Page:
To attract even more investments, Romania shouldn’t focus primarily on promotion, instead enhance the product first and then apply for foreign money. Here are some basic parameters international companies are examining before they answer the question ’To invest or not to invest in Romania?’
Some industries require higher skilled labor, for example pharmaceuticals and electronics. Therefore, multinationals will invest in those countries with a combination of low wages, but high labor productivity and skills. For example, India has attracted much investment in call centers, because a high percentage of the population speak English, but wages are low. This makes it an attractive place for outsourcing and therefore attracts investment.
Big multinationals, such as Apple, Google and Microsoft have sought to invest in countries with lower corporation tax rates. For example, Ireland has been successful in attracting investment from Google and Microsoft. In fact it has been controversial because Google has tried to funnel all profits through Ireland, despite having operations in all European countries.
Transport and infrastructure
A key factor in the desirability of investment is the transport costs and levels of infrastructure. A country may have low labor costs, but the high transport cost to get the goods into the world market is a drawback. Countries with access to the sea are at an advantage to landlocked countries, who will have higher costs to ship goods.
Size of economy / potential for growth.
Foreign direct investment is often targeted to selling goods directly to the country involved in attracting the investment. Therefore, the size of the population and scope for economic growth will be important for attracting investment. For example, Eastern European countries, with a large population, e.g. Poland offer scope for new markets. This may attract foreign car firms, e.g. Volkswagen, Daimler or Fiat to invest and build factories in Poland to sell to the growing consumer class. Small countries may be at a disadvantage because it is not worth investing for a small population. China will be a target for foreign investment as the new emerging Chinese middle class could have very strong demand for the goods and services of multinationals.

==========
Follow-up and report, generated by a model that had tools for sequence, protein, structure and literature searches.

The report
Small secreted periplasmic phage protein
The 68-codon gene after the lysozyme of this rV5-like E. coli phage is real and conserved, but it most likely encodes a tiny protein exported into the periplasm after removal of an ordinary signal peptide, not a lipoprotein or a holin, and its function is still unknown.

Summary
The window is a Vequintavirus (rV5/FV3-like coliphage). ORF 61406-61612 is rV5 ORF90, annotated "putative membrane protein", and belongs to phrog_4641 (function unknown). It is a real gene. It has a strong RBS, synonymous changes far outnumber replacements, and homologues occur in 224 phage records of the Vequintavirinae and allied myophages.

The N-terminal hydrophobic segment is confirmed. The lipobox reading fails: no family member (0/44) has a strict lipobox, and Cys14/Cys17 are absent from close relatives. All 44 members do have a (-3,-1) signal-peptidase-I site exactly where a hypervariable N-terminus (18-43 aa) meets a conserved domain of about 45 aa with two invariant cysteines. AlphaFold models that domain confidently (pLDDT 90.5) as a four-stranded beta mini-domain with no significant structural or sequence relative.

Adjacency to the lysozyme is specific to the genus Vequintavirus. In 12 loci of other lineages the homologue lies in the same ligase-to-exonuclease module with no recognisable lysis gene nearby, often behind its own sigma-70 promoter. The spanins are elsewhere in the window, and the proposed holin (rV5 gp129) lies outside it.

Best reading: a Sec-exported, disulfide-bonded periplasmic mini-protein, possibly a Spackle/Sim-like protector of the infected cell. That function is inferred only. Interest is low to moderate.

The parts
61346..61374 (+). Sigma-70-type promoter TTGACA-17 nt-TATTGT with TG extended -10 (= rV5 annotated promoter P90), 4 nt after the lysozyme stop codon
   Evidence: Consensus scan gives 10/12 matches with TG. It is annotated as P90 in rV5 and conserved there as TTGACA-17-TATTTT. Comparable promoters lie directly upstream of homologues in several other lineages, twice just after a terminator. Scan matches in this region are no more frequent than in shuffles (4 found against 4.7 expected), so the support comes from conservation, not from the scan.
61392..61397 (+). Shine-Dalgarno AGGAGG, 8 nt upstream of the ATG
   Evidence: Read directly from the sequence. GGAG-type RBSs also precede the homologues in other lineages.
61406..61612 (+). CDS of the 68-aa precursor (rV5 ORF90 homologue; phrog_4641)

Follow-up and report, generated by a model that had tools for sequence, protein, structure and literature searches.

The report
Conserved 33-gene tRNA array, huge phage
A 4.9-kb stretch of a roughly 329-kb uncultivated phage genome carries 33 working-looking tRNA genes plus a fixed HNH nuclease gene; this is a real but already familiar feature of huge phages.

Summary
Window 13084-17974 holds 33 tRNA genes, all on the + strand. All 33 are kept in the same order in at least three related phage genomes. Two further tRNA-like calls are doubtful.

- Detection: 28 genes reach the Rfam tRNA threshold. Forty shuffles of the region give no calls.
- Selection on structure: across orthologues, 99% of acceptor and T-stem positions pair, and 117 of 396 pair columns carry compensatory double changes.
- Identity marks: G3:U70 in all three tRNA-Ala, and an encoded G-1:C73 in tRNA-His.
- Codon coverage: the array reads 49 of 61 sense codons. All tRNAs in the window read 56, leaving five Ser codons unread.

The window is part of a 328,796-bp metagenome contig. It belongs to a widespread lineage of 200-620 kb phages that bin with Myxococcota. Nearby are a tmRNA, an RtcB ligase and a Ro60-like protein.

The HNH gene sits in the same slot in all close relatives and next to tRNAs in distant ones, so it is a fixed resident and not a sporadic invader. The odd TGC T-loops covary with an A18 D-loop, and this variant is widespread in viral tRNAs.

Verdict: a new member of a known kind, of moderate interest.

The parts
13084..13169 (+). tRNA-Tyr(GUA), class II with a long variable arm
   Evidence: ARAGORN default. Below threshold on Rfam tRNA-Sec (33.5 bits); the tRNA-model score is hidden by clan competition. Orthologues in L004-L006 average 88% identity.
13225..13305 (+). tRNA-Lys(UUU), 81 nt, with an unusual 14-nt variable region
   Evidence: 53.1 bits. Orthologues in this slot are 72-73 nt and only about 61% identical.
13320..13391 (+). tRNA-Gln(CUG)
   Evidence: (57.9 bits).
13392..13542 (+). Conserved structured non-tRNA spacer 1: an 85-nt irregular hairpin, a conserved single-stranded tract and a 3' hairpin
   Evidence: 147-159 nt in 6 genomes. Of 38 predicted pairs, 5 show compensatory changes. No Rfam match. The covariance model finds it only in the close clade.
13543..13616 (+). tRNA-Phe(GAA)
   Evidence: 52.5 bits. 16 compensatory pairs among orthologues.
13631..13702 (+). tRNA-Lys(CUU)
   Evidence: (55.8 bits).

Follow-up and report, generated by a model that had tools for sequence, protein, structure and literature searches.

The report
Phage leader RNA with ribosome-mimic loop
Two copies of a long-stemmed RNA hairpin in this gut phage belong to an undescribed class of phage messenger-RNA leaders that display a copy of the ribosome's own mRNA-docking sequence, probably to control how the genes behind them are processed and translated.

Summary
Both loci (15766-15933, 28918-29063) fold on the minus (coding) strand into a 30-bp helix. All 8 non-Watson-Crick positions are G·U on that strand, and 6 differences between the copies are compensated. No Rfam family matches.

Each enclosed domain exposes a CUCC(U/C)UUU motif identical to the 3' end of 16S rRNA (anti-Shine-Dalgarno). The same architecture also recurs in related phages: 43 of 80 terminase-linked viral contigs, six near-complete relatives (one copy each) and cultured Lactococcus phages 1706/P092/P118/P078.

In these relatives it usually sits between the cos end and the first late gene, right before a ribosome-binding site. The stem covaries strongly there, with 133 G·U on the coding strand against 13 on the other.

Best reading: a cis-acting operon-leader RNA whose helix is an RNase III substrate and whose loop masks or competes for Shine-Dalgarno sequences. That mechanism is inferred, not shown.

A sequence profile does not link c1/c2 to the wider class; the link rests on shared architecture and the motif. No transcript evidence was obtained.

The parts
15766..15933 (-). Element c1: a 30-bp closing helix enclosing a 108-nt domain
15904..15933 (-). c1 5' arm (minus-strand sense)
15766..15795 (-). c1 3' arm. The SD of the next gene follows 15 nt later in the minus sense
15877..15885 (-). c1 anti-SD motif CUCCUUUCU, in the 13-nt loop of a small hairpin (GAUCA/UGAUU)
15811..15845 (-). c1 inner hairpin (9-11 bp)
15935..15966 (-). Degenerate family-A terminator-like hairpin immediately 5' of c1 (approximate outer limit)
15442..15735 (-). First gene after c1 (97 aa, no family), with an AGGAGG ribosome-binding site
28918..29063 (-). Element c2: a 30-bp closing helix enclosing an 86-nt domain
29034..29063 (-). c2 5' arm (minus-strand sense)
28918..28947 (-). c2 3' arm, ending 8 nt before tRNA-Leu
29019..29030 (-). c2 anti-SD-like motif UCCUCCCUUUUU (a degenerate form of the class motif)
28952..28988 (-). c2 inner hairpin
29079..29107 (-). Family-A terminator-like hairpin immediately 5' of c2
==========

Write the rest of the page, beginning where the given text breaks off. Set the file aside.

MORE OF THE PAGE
Political stability / property rights
Foreign direct investment has an element of risk. Countries like Romania with an uncertain political situation will be a major disincentive. Related to political stability is the level of corruption and trust in institutions, especially judiciary and the extent of law and order.
One reason for foreign investment is the existence of commodities. This has been a major reason for the growth in FDI within Africa – often by Chinese firms looking for a secure supply of commodities.
A weak exchange rate in the host country can attract more FDI because it will be cheaper for the multinational to purchase assets. However, exchange rate volatility could discourage investment.
Foreign firms often are attracted to invest in similar areas to existing FDI. The reason is that they can benefit from external economies of scale – growth of service industries and transport links. Also, there will be greater confidence to invest in areas with a good track record. Therefore, some countries can create a virtuous cycle of attracting investment and then these initial investments attracting more. It is also sometimes known as agglomeration effect based on supply channels, supply of trained workers and infrastructure built specifically for the industry.
Romania – a land of huge contrasts – needs to attract more foreign investments